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Why Preparing a Family Budget is Essential
If you spend every month stressing over how to afford groceries or pay your major expenses it's time to create a family budget and take the pressure off your back. Contrary to what you might have heard, making a family budget is not just for those struggling to make ends meet and it does not have to be a painful experience. By planning a family budget and sticking to it, families can plan for large expenses, pay off debts and teach kids responsible money management.
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Examining Family Expenses
Every dollar a member of the family spends adds up. If you have no clue where your money goes, start tracking. Before you can create a useable budget you have to understand the total amount you have coming in. Any income from jobs, child support, disability and other sources should be included.
Carefully review your credit card statements, grocery receipts and all bills to determine how much money is going out and don't forget about the small daily expenses. Kids downloading new music ring tones twice a month or your daily drink from the gas station adds up. By writing it down you will have a clear idea of areas where you can cut back on to meet your family budget.
When preparing a family budget, keeping it simple will ensure your family can actually stick to it. Create categories to describe various areas where money is spent. Food, clothing, school expenses, mortgage, utilities, insurance, car payments and credit cards are just a few of the categories to include. Organize your budget from top priority down with the absolute necessities placed first.
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Include Everyone When Planning a Family Budget
A family is a unit, but each individual in that unit has unique needs and wants that must also be met. If you expect your family to stick to the budget plan with you, they have to be included in the preparing process. Call a family meeting and discuss why you are making a family budget. Maybe your goal is to save for a down payment on a larger home, afford a new car, or pay for a family vacation. If your family understands why the budget is important they will be willing to put in the effort to make it work.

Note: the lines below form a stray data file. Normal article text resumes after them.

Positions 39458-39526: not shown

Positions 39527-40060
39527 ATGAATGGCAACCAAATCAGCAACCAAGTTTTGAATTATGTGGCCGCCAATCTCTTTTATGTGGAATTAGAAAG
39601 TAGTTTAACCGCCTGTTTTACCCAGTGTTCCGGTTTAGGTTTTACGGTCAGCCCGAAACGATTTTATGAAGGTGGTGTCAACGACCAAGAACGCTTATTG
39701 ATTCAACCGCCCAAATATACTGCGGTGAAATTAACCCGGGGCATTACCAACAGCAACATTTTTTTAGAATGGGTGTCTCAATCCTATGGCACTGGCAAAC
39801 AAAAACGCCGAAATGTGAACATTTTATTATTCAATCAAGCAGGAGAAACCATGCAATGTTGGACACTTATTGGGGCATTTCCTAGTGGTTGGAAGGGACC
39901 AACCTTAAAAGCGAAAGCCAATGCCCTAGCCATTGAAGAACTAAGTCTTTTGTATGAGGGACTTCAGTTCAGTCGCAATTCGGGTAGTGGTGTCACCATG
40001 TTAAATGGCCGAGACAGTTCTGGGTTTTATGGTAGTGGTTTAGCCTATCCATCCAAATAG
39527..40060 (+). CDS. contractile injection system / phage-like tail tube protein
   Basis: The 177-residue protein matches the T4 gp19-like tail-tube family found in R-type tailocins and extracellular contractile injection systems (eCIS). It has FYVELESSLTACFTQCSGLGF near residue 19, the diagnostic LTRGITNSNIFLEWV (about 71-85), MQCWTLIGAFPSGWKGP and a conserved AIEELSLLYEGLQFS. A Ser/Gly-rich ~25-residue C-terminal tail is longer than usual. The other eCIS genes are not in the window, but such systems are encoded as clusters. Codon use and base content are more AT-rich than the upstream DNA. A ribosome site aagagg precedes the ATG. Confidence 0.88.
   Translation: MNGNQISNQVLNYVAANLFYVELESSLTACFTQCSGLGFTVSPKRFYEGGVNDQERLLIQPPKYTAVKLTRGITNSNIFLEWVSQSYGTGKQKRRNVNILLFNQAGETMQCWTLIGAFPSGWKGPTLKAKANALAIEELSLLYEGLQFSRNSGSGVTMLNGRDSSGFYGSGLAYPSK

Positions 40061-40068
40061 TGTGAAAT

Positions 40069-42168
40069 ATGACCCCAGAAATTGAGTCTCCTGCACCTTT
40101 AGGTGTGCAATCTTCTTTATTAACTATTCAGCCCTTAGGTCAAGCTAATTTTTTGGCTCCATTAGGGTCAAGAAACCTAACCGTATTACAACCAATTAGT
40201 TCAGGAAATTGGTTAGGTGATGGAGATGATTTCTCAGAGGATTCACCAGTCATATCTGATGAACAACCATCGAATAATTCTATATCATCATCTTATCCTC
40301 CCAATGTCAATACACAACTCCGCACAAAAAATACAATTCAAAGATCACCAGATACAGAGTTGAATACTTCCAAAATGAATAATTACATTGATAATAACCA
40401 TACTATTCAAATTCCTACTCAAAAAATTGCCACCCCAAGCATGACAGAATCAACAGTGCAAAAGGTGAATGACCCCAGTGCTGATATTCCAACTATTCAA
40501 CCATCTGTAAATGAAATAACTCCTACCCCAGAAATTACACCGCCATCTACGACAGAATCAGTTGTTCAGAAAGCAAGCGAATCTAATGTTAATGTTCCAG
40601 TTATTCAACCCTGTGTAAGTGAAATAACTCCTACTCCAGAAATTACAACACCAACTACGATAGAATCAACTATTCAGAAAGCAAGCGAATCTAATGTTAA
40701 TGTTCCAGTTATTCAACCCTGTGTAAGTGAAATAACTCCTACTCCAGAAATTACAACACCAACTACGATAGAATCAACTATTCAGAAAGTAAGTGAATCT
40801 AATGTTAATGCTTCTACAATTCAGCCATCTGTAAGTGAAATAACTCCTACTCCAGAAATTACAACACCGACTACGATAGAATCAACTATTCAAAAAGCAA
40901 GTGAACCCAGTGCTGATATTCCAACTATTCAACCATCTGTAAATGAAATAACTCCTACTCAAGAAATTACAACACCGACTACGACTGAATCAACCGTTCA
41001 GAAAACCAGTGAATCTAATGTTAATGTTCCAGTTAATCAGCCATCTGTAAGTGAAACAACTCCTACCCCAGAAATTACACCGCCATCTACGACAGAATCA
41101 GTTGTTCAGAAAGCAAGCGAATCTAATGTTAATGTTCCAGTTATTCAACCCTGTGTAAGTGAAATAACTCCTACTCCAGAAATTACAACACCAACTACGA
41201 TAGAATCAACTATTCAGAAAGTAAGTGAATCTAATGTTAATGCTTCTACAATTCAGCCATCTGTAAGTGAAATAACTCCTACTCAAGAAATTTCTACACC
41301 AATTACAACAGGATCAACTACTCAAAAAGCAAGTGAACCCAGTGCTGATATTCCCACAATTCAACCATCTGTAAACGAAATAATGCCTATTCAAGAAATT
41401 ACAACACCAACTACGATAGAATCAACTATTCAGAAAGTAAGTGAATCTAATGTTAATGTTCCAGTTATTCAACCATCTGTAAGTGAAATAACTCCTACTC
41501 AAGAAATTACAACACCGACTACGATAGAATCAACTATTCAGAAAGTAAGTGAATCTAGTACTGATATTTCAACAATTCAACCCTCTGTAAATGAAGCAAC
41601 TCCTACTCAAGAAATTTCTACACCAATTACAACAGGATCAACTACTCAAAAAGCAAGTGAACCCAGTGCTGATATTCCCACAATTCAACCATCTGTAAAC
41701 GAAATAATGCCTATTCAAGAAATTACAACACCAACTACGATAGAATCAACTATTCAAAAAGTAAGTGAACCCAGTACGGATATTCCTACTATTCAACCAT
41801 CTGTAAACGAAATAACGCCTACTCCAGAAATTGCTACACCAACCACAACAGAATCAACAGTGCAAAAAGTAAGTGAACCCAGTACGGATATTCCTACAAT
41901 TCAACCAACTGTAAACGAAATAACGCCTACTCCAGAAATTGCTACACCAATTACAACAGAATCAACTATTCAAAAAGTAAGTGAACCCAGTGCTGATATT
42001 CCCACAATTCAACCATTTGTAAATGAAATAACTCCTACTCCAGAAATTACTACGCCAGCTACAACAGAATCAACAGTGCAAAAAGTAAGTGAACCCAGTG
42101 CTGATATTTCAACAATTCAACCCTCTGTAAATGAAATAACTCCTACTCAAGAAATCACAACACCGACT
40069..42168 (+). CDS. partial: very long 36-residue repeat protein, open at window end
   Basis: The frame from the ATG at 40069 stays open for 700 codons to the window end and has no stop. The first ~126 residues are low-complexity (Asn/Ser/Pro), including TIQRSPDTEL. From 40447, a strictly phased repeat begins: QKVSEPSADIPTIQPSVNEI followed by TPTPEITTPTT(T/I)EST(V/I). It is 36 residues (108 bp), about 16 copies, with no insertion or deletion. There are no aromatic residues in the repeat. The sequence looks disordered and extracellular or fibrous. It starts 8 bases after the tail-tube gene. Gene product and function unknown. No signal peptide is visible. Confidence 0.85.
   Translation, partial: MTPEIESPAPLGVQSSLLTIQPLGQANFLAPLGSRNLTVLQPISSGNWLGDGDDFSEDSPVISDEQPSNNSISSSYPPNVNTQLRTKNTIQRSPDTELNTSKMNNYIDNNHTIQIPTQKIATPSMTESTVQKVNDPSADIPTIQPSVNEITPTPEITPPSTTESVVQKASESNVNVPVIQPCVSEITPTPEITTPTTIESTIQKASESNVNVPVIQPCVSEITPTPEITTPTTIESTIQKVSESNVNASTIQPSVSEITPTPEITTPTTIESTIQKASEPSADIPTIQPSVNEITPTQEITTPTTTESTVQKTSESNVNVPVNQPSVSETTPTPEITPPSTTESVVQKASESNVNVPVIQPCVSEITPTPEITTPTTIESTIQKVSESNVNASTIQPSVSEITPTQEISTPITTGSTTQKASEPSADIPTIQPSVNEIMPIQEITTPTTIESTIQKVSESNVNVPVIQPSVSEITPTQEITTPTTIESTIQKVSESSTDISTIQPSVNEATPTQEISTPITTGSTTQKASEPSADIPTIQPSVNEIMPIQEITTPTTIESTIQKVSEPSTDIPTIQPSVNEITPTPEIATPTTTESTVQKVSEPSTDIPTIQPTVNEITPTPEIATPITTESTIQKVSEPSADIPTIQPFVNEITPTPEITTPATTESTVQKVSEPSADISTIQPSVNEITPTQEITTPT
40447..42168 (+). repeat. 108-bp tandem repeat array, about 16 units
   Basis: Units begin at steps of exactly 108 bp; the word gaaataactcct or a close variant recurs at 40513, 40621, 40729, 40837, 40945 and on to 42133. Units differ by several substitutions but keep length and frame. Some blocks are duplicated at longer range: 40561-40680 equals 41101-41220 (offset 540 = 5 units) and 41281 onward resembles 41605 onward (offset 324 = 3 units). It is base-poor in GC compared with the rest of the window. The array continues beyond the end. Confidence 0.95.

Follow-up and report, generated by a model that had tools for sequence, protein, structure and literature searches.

Your families input should also be taken into consideration in the final budget plan. For example, you may need to budget because of your daughter's dance class or a weekly allowance for younger kids. If you have teenagers who work part-time jobs their money can also be used in planning a family budget; instead of allowing them to keep their entire check, have them place a part of it into a savings account for their college expenses.
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Take Time for Reflection
Once you have decided on a family budget you need to be able to track it, so you can make adjustments and keep up with your progress. Budgeting software, such as Microsoft Money and Excel spreadsheets are popular ways to manage your expenses. Customized forms can also be found free online or you can even choose to use old-fashioned paper and pencil if it works for you.
Once you are done with making a family budget be willing to cut back a little in order to keep your spending on track. Get rid of high interest rate credit cards and use cash instead as your primary means of making payments. This will force you to be more aware of how you spend your money and encourage you to be more cautious. Take advantage of coupons and generic labels when grocery shopping. Instead of a weekly family outing to a restaurant, pack a picnic and go to the park. Go on a local vacation and experience the wonders of your home state to save on gas and traveling expenses. Look for low cost and free events and places that your family can attend. A day at the beach or park, local festivals and events offer a free way to have fun and stay on budget.
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Adjust as Needed
Even after preparing a family budget, unexpected expenses do occur. Add a little buffer to cover the cost of emergency expenses and set up automatic deposits to your saving account to build up your savings. Create a category for a family reward, allowing everyone to have a chance to splurge. Call a short family meeting each week to review the budget and discuss any changes that need to be made. If your family feels too restricted or controlled by your budget, they won't cooperate. Keep tweaking and making adjustments till you settle on a family budget that everyone is comfortable with.
Please be sure to check out the other tips and strategies in Bright Hub's collection of personal and household budgeting guides.
(All photos by Photos8.com; http://www.photos8.com)